As discussed previously, in XPS and UPS, it is possible to analyze atomic species and chemical bonds by irradiating a sample surface with lights and analyzing energy of emitted electrons. Furthermore, this analysis method is essentially nondestructive since it does not use any process such as ion sputtering.
The following will discuss a process for detecting only emitted electrons corresponding to a certain binding energy with changing the energy of incident lights, and subjecting detected signals to integration transform.
In XPS and UPS, when a binding energy is taken as EB, an output signal from a detector after energy analysis carried out synchronizingly with a change in energy of incident light as I and an energy of incident light onto a sample surface as E, the following relationship exists: ##EQU1## where x denotes the depth measured inwardly from a sample surface, θ denotes the angle for electron emission, and K, n, σ, f and λ respectively denote a constant, the atomic density in the sample, the photoionization cross section of an element, the intensity of incident light and the escape depth of electrons emitted from the element (mean free path). In Eq. (I), it is supposed that the horizontal distribution of the element is uniform (this method is also effectively usable in a case where the horizontal distribution is not uniform, as will be discussed later).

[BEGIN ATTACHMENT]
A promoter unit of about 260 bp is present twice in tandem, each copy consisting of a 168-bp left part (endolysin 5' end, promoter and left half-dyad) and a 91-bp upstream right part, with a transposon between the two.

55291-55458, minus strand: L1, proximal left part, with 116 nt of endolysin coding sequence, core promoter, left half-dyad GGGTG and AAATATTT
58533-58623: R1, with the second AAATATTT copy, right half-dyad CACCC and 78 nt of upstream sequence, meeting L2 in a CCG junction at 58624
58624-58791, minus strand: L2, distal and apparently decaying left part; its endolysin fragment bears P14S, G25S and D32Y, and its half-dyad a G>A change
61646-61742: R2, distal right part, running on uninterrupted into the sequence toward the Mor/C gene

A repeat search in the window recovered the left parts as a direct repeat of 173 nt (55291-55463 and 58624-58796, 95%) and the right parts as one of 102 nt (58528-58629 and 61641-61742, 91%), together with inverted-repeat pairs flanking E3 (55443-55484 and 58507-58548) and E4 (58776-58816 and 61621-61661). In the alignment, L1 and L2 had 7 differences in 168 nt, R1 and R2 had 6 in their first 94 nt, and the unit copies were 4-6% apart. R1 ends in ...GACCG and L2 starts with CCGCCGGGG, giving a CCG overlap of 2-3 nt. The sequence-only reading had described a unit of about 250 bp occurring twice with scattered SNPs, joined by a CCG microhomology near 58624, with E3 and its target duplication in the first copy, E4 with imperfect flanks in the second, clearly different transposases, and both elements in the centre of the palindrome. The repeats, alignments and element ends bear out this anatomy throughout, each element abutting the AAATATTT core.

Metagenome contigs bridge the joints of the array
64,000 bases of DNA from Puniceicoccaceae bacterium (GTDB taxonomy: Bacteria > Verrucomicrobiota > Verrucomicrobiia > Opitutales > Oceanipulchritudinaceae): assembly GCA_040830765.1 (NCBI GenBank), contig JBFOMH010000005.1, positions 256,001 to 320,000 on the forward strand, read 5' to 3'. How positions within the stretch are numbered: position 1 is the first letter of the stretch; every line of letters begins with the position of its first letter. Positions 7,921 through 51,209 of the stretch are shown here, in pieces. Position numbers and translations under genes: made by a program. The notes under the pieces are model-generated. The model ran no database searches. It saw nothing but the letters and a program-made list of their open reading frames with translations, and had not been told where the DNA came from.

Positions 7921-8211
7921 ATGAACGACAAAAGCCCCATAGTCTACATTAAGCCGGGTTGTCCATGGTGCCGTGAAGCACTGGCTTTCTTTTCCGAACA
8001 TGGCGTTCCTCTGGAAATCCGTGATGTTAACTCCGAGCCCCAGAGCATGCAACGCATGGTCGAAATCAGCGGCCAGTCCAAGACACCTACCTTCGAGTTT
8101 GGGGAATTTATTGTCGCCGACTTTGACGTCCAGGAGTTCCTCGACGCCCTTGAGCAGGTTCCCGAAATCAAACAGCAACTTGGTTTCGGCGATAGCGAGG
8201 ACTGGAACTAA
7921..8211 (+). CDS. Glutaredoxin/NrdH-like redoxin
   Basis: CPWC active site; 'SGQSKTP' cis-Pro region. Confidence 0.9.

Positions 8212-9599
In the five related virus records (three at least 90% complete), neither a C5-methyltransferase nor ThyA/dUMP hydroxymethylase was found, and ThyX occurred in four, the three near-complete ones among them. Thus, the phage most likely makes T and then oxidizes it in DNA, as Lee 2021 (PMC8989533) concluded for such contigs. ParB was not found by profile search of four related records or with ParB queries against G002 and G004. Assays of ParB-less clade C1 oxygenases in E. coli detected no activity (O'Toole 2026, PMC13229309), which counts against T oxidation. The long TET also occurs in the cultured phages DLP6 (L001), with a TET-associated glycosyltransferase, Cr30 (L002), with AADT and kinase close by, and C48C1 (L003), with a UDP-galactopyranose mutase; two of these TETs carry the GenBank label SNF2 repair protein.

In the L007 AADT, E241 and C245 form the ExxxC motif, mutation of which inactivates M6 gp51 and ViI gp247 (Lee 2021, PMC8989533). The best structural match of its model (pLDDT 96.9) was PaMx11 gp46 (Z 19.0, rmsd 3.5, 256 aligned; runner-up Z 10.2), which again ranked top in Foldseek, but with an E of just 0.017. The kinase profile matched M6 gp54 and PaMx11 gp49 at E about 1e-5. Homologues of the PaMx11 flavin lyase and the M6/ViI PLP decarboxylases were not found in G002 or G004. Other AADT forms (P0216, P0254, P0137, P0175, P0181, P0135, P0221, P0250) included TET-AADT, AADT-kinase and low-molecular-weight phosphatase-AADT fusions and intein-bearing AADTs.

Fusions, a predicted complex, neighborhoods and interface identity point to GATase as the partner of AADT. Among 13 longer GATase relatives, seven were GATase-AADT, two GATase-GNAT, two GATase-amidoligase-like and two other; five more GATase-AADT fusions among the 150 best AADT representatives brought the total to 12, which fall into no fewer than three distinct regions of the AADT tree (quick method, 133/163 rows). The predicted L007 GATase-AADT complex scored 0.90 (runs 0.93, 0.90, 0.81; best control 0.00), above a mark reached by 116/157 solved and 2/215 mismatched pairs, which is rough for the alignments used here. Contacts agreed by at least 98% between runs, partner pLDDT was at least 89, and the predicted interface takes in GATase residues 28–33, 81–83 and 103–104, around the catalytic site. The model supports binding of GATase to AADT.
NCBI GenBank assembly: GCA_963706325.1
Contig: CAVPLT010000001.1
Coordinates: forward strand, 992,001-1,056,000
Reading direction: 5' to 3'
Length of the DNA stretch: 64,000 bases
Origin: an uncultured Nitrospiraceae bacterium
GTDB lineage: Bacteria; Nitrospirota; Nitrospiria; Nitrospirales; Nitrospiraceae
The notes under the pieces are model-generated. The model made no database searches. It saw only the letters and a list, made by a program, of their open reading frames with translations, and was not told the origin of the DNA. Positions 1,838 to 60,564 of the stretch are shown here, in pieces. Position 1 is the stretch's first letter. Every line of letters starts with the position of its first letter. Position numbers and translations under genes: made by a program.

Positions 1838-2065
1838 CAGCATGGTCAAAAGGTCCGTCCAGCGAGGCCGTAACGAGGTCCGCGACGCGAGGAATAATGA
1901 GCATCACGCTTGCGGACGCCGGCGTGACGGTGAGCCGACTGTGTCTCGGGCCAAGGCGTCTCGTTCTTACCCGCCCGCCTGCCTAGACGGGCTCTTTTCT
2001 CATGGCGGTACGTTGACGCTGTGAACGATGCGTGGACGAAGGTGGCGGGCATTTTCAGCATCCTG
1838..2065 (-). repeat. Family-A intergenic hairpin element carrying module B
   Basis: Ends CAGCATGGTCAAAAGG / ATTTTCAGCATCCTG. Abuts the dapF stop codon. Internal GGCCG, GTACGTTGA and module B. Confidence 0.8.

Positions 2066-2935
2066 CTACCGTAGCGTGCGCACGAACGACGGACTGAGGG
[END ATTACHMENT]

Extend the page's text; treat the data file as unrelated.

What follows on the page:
When light having an energy of not less than several tens eV is taken as an incident light onto a sample surface, the reciprocal ν-1 of a photoabsorption coefficient μ is larger than 100 nm for most substances [B. L. Henke et al., Atomic data and nuclear data tables 27. pp. 1-144 (1982)]. Meanwhile, if λ(E-EB) is limited to several tens nm or less (by adjusting the energy of incident light), it can be supposed that μ-1 >>λ(E-EB). That is, in this case, attenuation of incident light within a sample can be neglected, and Eq. (I) can be rewritten as ##EQU2## where
P=P(E, EB)=1/[λ(E-EB) cos θ]. (3)
In Eq. (3), it is known that λ(E-EB) can be approximated as ##EQU3## for most substances, and the constants A and B are determined [M. P. Seah and W. A. Dench. Surf. Interface Anal. 1, 2 (1979)]Furthermore, with regard to many metal elements such as Si, Au, etc., there are exactly measured values of λ as a function of E-EB [I. Lindau and W. E. Spicer. J. Elect. Spectrosc. Relat. Phenon. 3, 409 (1974)]. Then, if the energy E of incident light onto a sample surface is given, a value of P can be determined on the basis of the reported values and Eqs. (3) and (4).